Monday, July 10, 2006
Clam Farming...Back At The Packing House
After the clams are harvested, they have to be cleaned and graded. What Kelly and his crew are looking for, are the clams that measure at least 7/8 inch thickness. This goal here is not to grow big tough clams, but rather young succulent clams in the 7/8 to one inch range. These are currently bringing 12 cents each to the farmer.
In the picture above, Kelly is in position to sort clams into the orange baskets. He has to watch for any damaged, encrusted, or undersize clams. Bill is at the other end of the grader/cleaner roller machine and he is prewashing and adding baskets of clams from the boat.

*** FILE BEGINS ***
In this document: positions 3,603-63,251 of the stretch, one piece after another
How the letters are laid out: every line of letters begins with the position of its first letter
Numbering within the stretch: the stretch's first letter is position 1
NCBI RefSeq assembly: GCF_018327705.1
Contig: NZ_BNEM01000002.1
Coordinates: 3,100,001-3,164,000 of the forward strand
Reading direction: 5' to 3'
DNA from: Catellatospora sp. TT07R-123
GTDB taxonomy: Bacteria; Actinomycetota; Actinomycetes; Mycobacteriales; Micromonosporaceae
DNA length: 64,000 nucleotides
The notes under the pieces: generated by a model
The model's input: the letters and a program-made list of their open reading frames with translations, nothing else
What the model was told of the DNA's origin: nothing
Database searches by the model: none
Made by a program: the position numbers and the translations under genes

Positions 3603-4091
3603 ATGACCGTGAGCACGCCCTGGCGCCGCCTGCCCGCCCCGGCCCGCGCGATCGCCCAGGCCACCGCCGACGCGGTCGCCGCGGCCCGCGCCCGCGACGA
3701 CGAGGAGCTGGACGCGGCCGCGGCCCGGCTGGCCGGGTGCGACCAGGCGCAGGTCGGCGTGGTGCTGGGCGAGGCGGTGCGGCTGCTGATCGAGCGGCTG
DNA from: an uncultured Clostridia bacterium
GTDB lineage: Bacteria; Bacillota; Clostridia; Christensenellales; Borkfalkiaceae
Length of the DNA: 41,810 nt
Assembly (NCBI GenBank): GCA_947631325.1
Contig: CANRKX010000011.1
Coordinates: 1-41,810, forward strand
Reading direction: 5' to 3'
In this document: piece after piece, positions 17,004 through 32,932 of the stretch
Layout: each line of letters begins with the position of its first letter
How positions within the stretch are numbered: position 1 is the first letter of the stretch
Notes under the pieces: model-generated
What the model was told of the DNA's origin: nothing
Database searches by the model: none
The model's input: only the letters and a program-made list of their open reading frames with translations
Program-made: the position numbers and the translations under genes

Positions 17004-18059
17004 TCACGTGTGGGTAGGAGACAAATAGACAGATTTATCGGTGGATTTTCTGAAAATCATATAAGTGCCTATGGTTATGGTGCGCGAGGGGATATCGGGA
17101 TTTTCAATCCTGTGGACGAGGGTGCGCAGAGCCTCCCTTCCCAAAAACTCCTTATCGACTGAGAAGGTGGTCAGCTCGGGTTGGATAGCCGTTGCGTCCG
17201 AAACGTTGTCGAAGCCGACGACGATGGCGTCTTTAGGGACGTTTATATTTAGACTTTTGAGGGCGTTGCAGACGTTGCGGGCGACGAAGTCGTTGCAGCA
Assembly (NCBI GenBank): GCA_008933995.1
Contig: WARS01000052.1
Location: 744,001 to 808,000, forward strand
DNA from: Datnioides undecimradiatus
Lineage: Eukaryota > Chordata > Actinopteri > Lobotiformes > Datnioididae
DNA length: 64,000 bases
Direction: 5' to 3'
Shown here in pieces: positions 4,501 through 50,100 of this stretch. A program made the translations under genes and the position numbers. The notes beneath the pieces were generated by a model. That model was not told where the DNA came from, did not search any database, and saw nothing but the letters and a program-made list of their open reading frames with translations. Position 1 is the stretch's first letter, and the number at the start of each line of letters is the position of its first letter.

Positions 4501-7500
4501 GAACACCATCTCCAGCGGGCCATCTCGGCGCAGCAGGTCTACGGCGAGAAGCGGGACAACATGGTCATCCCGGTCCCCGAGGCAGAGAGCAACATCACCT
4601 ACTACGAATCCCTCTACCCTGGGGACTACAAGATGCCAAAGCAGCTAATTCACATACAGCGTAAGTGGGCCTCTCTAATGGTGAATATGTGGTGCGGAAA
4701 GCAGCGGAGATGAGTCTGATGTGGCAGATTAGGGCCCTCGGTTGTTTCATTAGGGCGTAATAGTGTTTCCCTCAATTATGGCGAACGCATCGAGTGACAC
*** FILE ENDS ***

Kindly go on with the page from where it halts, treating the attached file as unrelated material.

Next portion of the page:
Mr. B. overseeing the operation. As that cylinder of stainless steel bars rotates, the junk shell and trash falls through the spaces and the good clams tumble and slide down to the baskets.
Bill feeding clams into the rotating cylinder. After our clams were cleaned they went into a cold storage room.
Rosie, the wholesaler who owns this facility will further sort and bag these clams for shipment around the world. I believe she said our clams were heading to Pennsylvania and New York.
We finished just after sunset, tired, wet, and thrilled to have had a good harvest.
I drove home wet and happy again.
Keep your eyes peeled...
...Mr. B. said I need to go mullet fishing with him...
Posted by R.Powers at 1:10 PM